Conclusions: The modified IPI may be a useful tool in clinical practice for identifying MUM patients who are more likely to experience irAEs and realize a survival benefit from ICI treatment.
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http://dx.doi.org/10.1002/cam4.3784DOI Listing
http://www.ncbi.nlm.nih.gov/pmc/articles/PMC8026925PMC
April 2021

Correction: Combined poly-ADP ribose polymerase and ataxia-telangiectasia mutated/Rad3-related inhibition targets ataxia-telangiectasia mutated-deficient lung cancer cells.

Br J Cancer 2020 Jun;122(12):1872

Departments of Biochemistry and Molecular Biology, Robson DNA Science Centre and Charbonneau Cancer Institute, Cumming School of Medicine, University of Calgary, 3330 Hospital Drive NW, Calgary, Alberta, T2N 1N4, Canada.

This Article was originally published under Nature Research's License to Publish, but has now been made available under a CC BY 4.0 license. This has now been corrected in both the PDF and HTML versions of the Article.
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http://dx.doi.org/10.1038/s41416-020-0841-7DOI Listing
http://www.ncbi.nlm.nih.gov/pmc/articles/PMC7283263PMC
June 2020

ATM-Deficient Cancers Provide New Opportunities for Precision Oncology.

Cancers (Basel) 2020 Mar 14;12(3). Epub 2020 Mar 14.

Department of Biochemistry and Molecular Biology, Robson DNA Science Centre, Charbonneau Cancer Institute, Cumming School of Medicine, University of Calgary, 3330 Hospital Drive NW, Calgary, AB T2N 1N4, Canada.

Poly-ADP ribose polymerase (PARP) inhibitors are currently used in the treatment of several cancers carrying mutations in the breast and ovarian cancer susceptibility genes and , with many more potential applications under study and in clinical trials. Here, we discuss the potential for extending PARP inhibitor therapies to tumours with deficiencies in the DNA damage-activated protein kinase, Ataxia-Telangiectasia Mutated (ATM). We highlight our recent findings that PARP inhibition alone is cytostatic but not cytotoxic in ATM-deficient cancer cells and that the combination of a PARP inhibitor with an ATR (ATM, Rad3-related) inhibitor is required to induce cell death.
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http://dx.doi.org/10.3390/cancers12030687DOI Listing
http://www.ncbi.nlm.nih.gov/pmc/articles/PMC7140103PMC
March 2020

Combined poly-ADP ribose polymerase and ataxia-telangiectasia mutated/Rad3-related inhibition targets ataxia-telangiectasia mutated-deficient lung cancer cells.

Br J Cancer 2019 10 4;121(7):600-610. Epub 2019 Sep 4.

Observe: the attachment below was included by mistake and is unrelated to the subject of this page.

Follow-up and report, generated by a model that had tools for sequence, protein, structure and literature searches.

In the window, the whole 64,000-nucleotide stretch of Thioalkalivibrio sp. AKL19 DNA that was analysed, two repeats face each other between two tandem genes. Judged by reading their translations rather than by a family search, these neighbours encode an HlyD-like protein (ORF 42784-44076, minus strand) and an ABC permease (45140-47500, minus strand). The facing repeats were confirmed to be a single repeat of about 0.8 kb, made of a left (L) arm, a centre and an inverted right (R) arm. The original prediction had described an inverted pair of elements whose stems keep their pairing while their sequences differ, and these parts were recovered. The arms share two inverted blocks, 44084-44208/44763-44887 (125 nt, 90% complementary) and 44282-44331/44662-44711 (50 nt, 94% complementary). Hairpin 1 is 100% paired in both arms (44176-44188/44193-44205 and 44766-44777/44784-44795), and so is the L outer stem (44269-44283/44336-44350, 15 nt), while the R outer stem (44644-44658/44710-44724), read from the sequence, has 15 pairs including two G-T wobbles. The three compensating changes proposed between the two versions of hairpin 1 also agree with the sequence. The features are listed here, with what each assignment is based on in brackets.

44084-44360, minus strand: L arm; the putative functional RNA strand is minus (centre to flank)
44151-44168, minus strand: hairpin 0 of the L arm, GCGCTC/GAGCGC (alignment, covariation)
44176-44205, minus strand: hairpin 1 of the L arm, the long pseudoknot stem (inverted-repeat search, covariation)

Departments of Biochemistry and Molecular Biology, Robson DNA Science Centre and Charbonneau Cancer Institute, Cumming School of Medicine, University of Calgary, 3330 Hospital Drive NW, Calgary, Alberta, T2N 1N4, Canada.

Background: Up to 40% of lung adenocarcinoma have been reported to lack ataxia-telangiectasia mutated (ATM) protein expression. We asked whether ATM-deficient lung cancer cell lines are sensitive to poly-ADP ribose polymerase (PARP) inhibitors and determined the mechanism of action of olaparib in ATM-deficient A549 cells.

Methods: We analysed drug sensitivity data for olaparib and talazoparib in lung adenocarcinoma cell lines from the Genomics of Drug Sensitivity in Cancer (GDSC) project. We deleted ATM from A549 lung adenocarcinoma cells using CRISPR/Cas9 and determined the effects of olaparib and the ATM/Rad3-related (ATR) inhibitor VE-821 on cell viability.

Results: IC values for both olaparib and talazoparib positively correlated with ATM mRNA levels and gene amplification status in lung adenocarcinoma cell lines. ATM mutation was associated with a significant decrease in the IC for olaparib while a similar trend was observed for talazoparib. A549 cells with deletion of ATM were sensitive to ionising radiation and olaparib. Olaparib induced phosphorylation of DNA damage markers and reversible G2 arrest in ATM-deficient cells, while the combination of olaparib and VE-821 induced cell death.

Conclusions: Patients with tumours characterised by ATM-deficiency may benefit from treatment with a PARP inhibitor in combination with an ATR inhibitor.
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http://dx.doi.org/10.1038/s41416-019-0565-8DOI Listing
http://www.ncbi.nlm.nih.gov/pmc/articles/PMC6889280PMC
October 2019